“3. Plug in if possible.”

    So, if you have a full charge, it’s OK to use/occupy the charge station for just battery thermal purposes?
    :-P

    /just pokin da skunk……


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    vdiv

     

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    May 3rd, 2013 (11:24 am)

    George, this is really good, thank you. I think the GM Tech Center should offer you a position :)

    As others have mentioned it will be interesting to see what the TMS does when the Volt is plugged in, fully charged, and turned off, soaking in the sun. After all there must be a reason why GM recommends keeping the Volt plugged in.


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    vdiv

     

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    May 3rd, 2013 (11:27 am)

    CaptJackSparrow,

    Absolutely, as you know for two possible reasons:

    1. You are paying for the charging spot (for the time or even per kWh).
    2. Preconditioning the car before you take off would preserve the full range.


  19. 19
    Mark Z

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    May 3rd, 2013 (11:36 am)

    Thanks George for a very informative article.

    With afternoon summer sun causing a rise in garage temperature, I am tempted to install a fan at the garage vent to circulate air. One problem is the gas water heater. If I push air out, then exhaust fumes may be pulled into the garage area. At this point it may be better to pull outside air from a lower vent to help remove the super heated air in the garage. A thermostat will start the fan only when necessary.


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    Sam Jaffe

     

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    May 3rd, 2013 (11:41 am)

    Jackson,

    Completely covering the roof and hood with solar panels would, at best, provide only 15% of the power needed to keep the cabin temperature controlled. I would assume that the battery TMS would require even more power. Now add to that the extra efficiency cost of the extra weight and aerodynamic drag of the panels and you’re in deep negative territory. Solar panels on vehicles might one day make sense for long haul trucks and Fed-ex type delivery vans (for auxilliary power only–never for motive power), but I don’t see them ever becoming practical on passenger vehicles.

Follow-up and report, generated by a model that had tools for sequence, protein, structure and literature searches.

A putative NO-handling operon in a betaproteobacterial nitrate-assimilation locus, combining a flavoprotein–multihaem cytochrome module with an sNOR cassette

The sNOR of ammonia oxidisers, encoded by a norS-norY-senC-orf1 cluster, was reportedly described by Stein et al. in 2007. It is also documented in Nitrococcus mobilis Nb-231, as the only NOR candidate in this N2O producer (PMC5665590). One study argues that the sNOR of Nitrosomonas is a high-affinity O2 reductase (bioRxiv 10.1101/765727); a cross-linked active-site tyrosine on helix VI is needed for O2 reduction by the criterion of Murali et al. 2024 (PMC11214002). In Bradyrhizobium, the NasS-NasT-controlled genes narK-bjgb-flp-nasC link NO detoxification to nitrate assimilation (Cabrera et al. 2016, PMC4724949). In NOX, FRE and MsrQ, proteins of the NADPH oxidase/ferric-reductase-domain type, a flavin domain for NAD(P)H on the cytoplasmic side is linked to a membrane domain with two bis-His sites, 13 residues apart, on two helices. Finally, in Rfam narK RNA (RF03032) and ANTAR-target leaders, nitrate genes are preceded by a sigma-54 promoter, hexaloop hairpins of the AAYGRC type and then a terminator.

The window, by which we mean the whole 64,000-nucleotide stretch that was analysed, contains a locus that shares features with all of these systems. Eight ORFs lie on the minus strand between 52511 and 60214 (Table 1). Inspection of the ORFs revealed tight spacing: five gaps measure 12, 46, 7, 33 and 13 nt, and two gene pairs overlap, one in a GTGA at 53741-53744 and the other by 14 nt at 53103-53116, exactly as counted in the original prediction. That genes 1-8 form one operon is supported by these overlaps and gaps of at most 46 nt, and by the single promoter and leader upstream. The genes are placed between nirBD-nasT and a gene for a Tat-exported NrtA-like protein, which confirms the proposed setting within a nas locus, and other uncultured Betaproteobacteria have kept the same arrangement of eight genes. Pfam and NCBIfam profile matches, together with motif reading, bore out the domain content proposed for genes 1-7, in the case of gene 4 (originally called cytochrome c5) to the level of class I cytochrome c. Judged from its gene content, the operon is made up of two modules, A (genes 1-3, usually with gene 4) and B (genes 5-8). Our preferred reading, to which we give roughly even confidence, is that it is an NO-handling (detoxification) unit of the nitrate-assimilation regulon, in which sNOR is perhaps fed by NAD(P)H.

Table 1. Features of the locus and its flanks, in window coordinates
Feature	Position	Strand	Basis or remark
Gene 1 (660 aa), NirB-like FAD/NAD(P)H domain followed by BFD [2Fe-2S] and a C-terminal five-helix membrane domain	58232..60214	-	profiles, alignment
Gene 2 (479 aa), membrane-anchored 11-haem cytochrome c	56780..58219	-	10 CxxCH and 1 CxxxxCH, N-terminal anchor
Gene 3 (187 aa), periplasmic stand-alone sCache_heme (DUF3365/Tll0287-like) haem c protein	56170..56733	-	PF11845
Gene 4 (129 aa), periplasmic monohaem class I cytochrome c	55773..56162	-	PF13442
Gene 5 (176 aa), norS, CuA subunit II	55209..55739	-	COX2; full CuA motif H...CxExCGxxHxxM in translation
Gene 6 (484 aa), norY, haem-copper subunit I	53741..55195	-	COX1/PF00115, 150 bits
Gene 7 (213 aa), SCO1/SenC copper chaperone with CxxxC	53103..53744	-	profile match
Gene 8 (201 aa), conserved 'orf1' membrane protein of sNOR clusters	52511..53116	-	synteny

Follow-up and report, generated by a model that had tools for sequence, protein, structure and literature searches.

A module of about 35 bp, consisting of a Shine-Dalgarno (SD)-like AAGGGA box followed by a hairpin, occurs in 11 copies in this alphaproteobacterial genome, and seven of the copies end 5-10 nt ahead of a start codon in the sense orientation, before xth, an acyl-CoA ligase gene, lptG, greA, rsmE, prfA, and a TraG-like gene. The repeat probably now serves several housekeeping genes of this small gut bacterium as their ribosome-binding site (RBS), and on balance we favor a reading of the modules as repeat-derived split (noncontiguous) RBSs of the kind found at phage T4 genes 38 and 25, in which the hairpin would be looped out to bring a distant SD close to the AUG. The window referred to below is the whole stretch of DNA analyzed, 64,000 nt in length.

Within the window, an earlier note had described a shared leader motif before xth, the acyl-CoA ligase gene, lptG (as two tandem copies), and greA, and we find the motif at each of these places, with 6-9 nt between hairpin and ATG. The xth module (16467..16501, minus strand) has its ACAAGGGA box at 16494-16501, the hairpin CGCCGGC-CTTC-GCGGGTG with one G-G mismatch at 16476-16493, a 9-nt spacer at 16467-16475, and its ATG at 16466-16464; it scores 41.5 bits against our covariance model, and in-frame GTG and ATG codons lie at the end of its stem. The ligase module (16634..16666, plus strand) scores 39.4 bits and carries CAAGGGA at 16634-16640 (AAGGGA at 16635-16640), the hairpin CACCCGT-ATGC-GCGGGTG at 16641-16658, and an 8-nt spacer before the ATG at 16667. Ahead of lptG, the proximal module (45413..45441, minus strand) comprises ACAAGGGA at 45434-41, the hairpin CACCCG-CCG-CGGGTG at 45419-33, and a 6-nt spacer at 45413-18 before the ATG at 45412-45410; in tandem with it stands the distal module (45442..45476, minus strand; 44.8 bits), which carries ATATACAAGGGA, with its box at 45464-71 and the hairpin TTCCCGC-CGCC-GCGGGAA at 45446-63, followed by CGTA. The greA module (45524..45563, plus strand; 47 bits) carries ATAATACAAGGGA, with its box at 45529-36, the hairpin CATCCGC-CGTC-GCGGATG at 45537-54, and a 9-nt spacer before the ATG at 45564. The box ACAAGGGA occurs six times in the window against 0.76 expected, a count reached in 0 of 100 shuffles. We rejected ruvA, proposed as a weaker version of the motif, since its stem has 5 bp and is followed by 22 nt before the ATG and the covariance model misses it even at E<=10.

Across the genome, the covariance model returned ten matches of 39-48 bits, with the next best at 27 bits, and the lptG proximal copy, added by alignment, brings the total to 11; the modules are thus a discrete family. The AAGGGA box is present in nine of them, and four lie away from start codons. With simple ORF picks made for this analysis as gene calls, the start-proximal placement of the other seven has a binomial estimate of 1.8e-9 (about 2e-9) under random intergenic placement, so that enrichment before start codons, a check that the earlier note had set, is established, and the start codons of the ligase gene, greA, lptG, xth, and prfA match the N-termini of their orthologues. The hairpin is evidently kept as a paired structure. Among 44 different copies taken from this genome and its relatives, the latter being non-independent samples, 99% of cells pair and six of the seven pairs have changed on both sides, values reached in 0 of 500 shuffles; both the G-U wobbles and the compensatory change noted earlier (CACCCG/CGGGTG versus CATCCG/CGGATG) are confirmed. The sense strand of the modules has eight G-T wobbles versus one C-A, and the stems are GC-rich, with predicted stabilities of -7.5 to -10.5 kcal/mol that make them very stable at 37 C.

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    Larry4pyro

     

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    May 3rd, 2013 (11:41 am)

    Once again thanks George, great study. Your articles should be combined into a reference book for Gen 1 Volt owners.


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    Jim I

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    May 3rd, 2013 (11:54 am)

    Usually the “tech” posts leave me with glazed over eyes, but this one was very interesting!

    Good job.

    And what is wrong with pocket protectors?????

    :)

    C-5277


  23. 23
    Fredo

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    May 3rd, 2013 (12:01 pm)

    Very nice write up.

    To help mitigate battery temperatures on days where the predicted high is above 100F I would add to your 4 bullets:
    - Do not leave the car with high SoC if not plugged in. Below 70% may be a good compromise.